Back in January I wrote about the challenges of downsizing our possessions drastically as we prepare to move from our giant national registry of historic places base home to one that is... drastically smaller. I am here to report some progress on this front.
Downsizing is hard.
So every year the base has a base-wide garage sale sometime in May; the last few years I have avoided it because, well, May. Two years ago I pulled out at the last minute because I was afraid it would be the thing that would actually send me to the institution, but this year it wasn't an option. I faithfully kept taking stuff to the basement storage room loosely organized as "GIANT ROOM OF GARAGE SALE STUFF." About three weeks before I spent a day I could ill afford to spend away from working on The Phone Photography Project and worked on organizing areas of stuff; Maddie and I sorted scrapbook supplies into like categories, kitchen stuff into one area, baby stuff into another, and so on. It was nearly impossible to cross from one side of the room to another without putting oneself in peril.
On Thursday before the garage sale I tidied up our loosely organized areas of stuff.
On Friday before the garage sale I started to haul it upstairs.
I vastly underestimated the amount of time it would take to haul 80 billion things (unpriced things at that!) up the stairs. I lost track at 60 times up and down the stairs, mostly because by that point it was 11:30 pm and Matt and I had a moment of utter marital danger in which we were both angrily wondering WHOSE BRIGHT IDEA WAS THIS GARAGE SALE ANYWAY. In hindsight, it was wise for him to bow out at 11:31 and go to bed, while I persevered until 3:00 am hauling/pricing/staging inside my entry way/dragging stuff to the porch that wouldn't blow away.
Because did I mention the wind? And cold? Oh, yes. Wind. And cold. I woke up at 6:05 am on June 1 to a wind chill of 33 degrees. Crap was blowing off the porch as fast as I could set it out. I had to put on my winter coat. I nearly had a meltdown in my front yard on Saturday morning. It was fantastic.
But then people started to show up. Not the looky-loos who come out on a nice day—no, those people had the good sense to stay home. The hard core people showed up though, money in hand, and bought stuff. Every single toddler thing we put out—Hawthorne House (oh my gosh, that was hard), toddler bed, play kitchen, toys, puzzles, 150 books (no lie—I sold about 150 books), furniture, the Most Annoying Lamp of All Time (worked perfectly but had a little pull chain that clinked on the base that drove us literally i n s a n e until we stashed it in the basement a few years ago), etc. The best was when the odd scrapbooker would come up on the porch and discover the scrapbook supply portion of the sale. It was almost comical to witness the wide-eyed glee—even despite the wind and cold, people hauled off boxes of stuff. A few tubs, even.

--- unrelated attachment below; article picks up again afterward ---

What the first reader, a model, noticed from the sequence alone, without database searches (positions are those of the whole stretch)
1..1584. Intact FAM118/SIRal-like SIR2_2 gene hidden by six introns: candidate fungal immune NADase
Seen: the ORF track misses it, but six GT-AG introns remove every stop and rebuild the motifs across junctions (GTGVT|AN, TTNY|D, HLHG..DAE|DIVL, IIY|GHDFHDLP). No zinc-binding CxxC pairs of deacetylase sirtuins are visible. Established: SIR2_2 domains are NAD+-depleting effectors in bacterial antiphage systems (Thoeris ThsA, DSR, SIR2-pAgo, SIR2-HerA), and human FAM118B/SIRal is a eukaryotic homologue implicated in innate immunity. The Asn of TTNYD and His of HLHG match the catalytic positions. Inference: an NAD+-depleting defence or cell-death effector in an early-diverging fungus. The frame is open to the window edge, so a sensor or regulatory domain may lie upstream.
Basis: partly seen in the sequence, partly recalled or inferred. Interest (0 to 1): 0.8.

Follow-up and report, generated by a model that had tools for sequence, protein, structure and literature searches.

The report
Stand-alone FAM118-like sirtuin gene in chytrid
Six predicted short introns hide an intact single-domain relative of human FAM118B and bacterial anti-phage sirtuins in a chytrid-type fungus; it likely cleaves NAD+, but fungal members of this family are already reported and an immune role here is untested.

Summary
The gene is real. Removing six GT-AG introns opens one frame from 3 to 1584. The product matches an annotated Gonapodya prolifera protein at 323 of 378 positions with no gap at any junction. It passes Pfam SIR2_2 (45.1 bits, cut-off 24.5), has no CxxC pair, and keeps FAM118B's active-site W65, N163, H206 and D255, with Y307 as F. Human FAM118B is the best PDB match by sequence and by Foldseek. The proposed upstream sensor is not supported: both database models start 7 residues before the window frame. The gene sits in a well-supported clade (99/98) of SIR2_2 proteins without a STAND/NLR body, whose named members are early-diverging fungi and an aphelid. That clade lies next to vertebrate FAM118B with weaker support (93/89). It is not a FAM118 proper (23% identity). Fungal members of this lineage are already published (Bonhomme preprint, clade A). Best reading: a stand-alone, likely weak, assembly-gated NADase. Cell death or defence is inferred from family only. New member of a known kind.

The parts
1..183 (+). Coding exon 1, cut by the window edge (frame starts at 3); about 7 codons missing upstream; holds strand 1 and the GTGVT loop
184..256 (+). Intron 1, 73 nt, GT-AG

85% of what I tried to sell, sold. As for the rest: I donated over 200 books to the library book sale room, plus some more to the annual Delta something or other book sale in town (I can never remember the name). I took three van loads of stuff to Goodwill. I kept out some craft supplies to donate to Freedom Elementary's wonderful art teacher for her art room and took those things to her on the last day of school. I have another donation pile that will go to Busy Bees, our beloved preschool. We found a late buyer for Matt's router and saws, and those will go today. I drove to Fort Collins to sell our Kelty to a lovely woman from Greeley; I internet-snooped on her online before I went to make sure she wasn't an axe murderer (she wasn't) and had to reassure my friend Kelli that the exchange had gone just fine when I posted this picture on Instagram while I waited for her:
I find it hilarious that this is the ONLY picture I have from this entire process. A weirdo shot of a gas station parking lot. It nearly did me in, all this selling off our belongings, because you know I take pictures of everything.
When all is said and done, I will go down in history as a garage sale urban legend.
$1237.50, friends. $1237.50.